Page 7

 Neal Shusterman

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He counts the money Pivane has given him, and it will carry him far indeed, but not far enough, because there is nowhere far enough away from all the things he’s experienced since the day he was sent off to be tithed.
Wil healed him with music, taught him the way of his people, and saved him from the pirates by sacrificing his own life.
All he was able to give Wil was applause.
The bus schedule shows the next departure is in thirty minutes. He doesn’t bother checking the destination. Lev knows that wherever it leads, his path ahead is dark. He has nothing left to lose. A burning fills his emptiness. Revenge drives him now.
As he looks at his hands, he begins to see a purpose for his applause. It’s a powerful purpose that will make his anger known . . . and tear the world to shreds.
10 - Wil
Like a crow Wil has flown over the rez wall, but not as he imagined. Deep down, he still expects the Tribal Council—or maybe even the Alliance of Tribal Nations—to somehow rescue him. But no one comes.
The pirates drive him not to a chop shop but to a private hospital. In this upscale, designer clinic of glass walls, soft lights, and wall-size murals of cascading color, he sees no patients. He is treated like a rock star by an extensive staff, and is provided any food he’d like, but he’s not hungry. He’s offered any music, the latest movies, games, books, or television, but nothing distracts him. He only watches the door.
On his third day, a neurologist, a surgeon, and a severe-looking blond woman come in and graciously ask him to play his guitar. Despite heartache, Wil plays flawlessly, and they are duly impressed. He still expects that somehow his playing will open their hearts and set him free. He still expects someone from the tribe to come to his door with good news. But no one comes.
On the fourth day, at dawn, he’s put in restraints. A nurse gives him a shot, and he feels woozy. They roll him into an operating room: bright lights, white walls, monitors bleeping, sterile, cold. Nothing like the surgical lodge at home.
He feels numb despair. He is being unwound. And he comes to his end alone.
Then he sees a face in the operating room he recognizes. Although her hair is hidden by surgical scrubs, she doesn’t wear a mask like the others. It’s as if his seeing her face is more important that the sterile environment. He’s not surprised to see her again. He played his guitar for this woman. She never told him her name, although he heard the others call her Roberta.
“Do you remember me, Chowilawu?” she asks, with the hint of a British accent almost Americanized. “We met yesterday.” She pronounces his name flawlessly. It pleases him, yet troubles him at the same time.
“Why are you doing this?” he asks. “Why me?”
“We have been searching for the right Person of Chance for a very long time. You will be part of a spectacular experiment. One that will change the future.”
“Will you tell my parents what happened to me? Please?”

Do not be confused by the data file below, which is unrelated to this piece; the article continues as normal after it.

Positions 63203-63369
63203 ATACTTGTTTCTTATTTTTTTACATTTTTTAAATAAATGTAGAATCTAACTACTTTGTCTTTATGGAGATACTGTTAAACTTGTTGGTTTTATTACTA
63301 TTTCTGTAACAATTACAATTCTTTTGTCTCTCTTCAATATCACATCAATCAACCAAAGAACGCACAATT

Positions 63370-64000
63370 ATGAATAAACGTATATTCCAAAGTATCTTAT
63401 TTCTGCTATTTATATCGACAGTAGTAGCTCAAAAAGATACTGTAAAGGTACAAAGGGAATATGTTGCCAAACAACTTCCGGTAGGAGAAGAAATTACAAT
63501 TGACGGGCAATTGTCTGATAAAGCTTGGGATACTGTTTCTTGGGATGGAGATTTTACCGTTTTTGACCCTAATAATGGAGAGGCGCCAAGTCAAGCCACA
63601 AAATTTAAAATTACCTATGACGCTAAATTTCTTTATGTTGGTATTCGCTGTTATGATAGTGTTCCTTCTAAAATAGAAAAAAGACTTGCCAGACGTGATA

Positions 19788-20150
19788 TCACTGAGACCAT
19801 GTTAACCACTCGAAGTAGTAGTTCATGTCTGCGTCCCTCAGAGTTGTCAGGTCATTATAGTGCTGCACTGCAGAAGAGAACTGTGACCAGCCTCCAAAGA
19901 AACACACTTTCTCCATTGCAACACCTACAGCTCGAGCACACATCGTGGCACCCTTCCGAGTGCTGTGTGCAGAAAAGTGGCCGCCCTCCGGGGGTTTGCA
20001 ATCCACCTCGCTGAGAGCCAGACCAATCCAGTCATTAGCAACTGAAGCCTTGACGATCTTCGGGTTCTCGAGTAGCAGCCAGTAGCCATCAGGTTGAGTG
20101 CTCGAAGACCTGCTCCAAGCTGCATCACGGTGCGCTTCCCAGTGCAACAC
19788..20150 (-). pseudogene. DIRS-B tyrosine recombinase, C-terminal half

“I’m sorry, Wil. No one can know.”
This shakes him worse than death. His parents, Pivane, Una, the whole tribe grieving his absence, never knowing his fate.
She takes his hand in hers. “I want you to know that your talent will not be lost. These hands and the neuron bundles that hold every bit of your musical memory will be kept together. Intact. Because I, too, treasure that which means the most to you.”
It’s not anything close to what Wil truly wants, but he tries to cling to the knowledge that his gift of music will somehow survive his unwinding.
“My guitar,” he manages through chattering teeth, ignoring the fact that he can no longer feel his toes.
“It’s safe,” Roberta says quickly. “I have it.”
“Send it home.”
She hesitates, and then nods.
Wil’s unwinding proceeds at an alarming rate. All too soon a wave of darkness crashes over him. He can no longer hear Roberta. He can no longer see her.
Then, in the void, he senses someone lean close to him. Someone familiar.
“Grandfather?” he hazards to say. He cannot hear himself speak.
“Yes, Chowilawu.”
“Are we are going to the Lower World?”
“We will see, Chowilawu,” his grandfather says. “We will see.”
But whatever happens now, it doesn’t matter to Wil. Because someone finally came.
11 - Una
Not through smoke signals.
Not through the intricate legal investigations of the Council.
Not through the tribal nations’ security task force, put in place after the parts pirates took him.
In the end, the rez finds out Wil is no more when his guitar is delivered with no note and no return address.
Una cradles the guitar in her arms and remembers: Wil building mountains for her in a sandbox when they were five. The quiet delight in his eyes when she asked him to marry her, when they were six. His grief as Tocho died, while she and Lev sat watching on the hospital floor. The touch of Wil’s hand on her arm when he said good-bye.
In every memory is his music, and she hears it again every day, playing in the wind through the trees to tease and torment her. Or maybe to comfort her and remind her that nothing and no one is ever truly lost.
Una tries to hold on to that as she lays Wil’s guitar on the workshop table. There is no body; there is only the guitar. So she gently, lovingly, unstrings it and prepares it for the funeral pyre in the morning.
And she tells no one of the strange hope she cradles in her heart, that somehow she will hear Wil’s music again, loud and pure, calling forth her soul.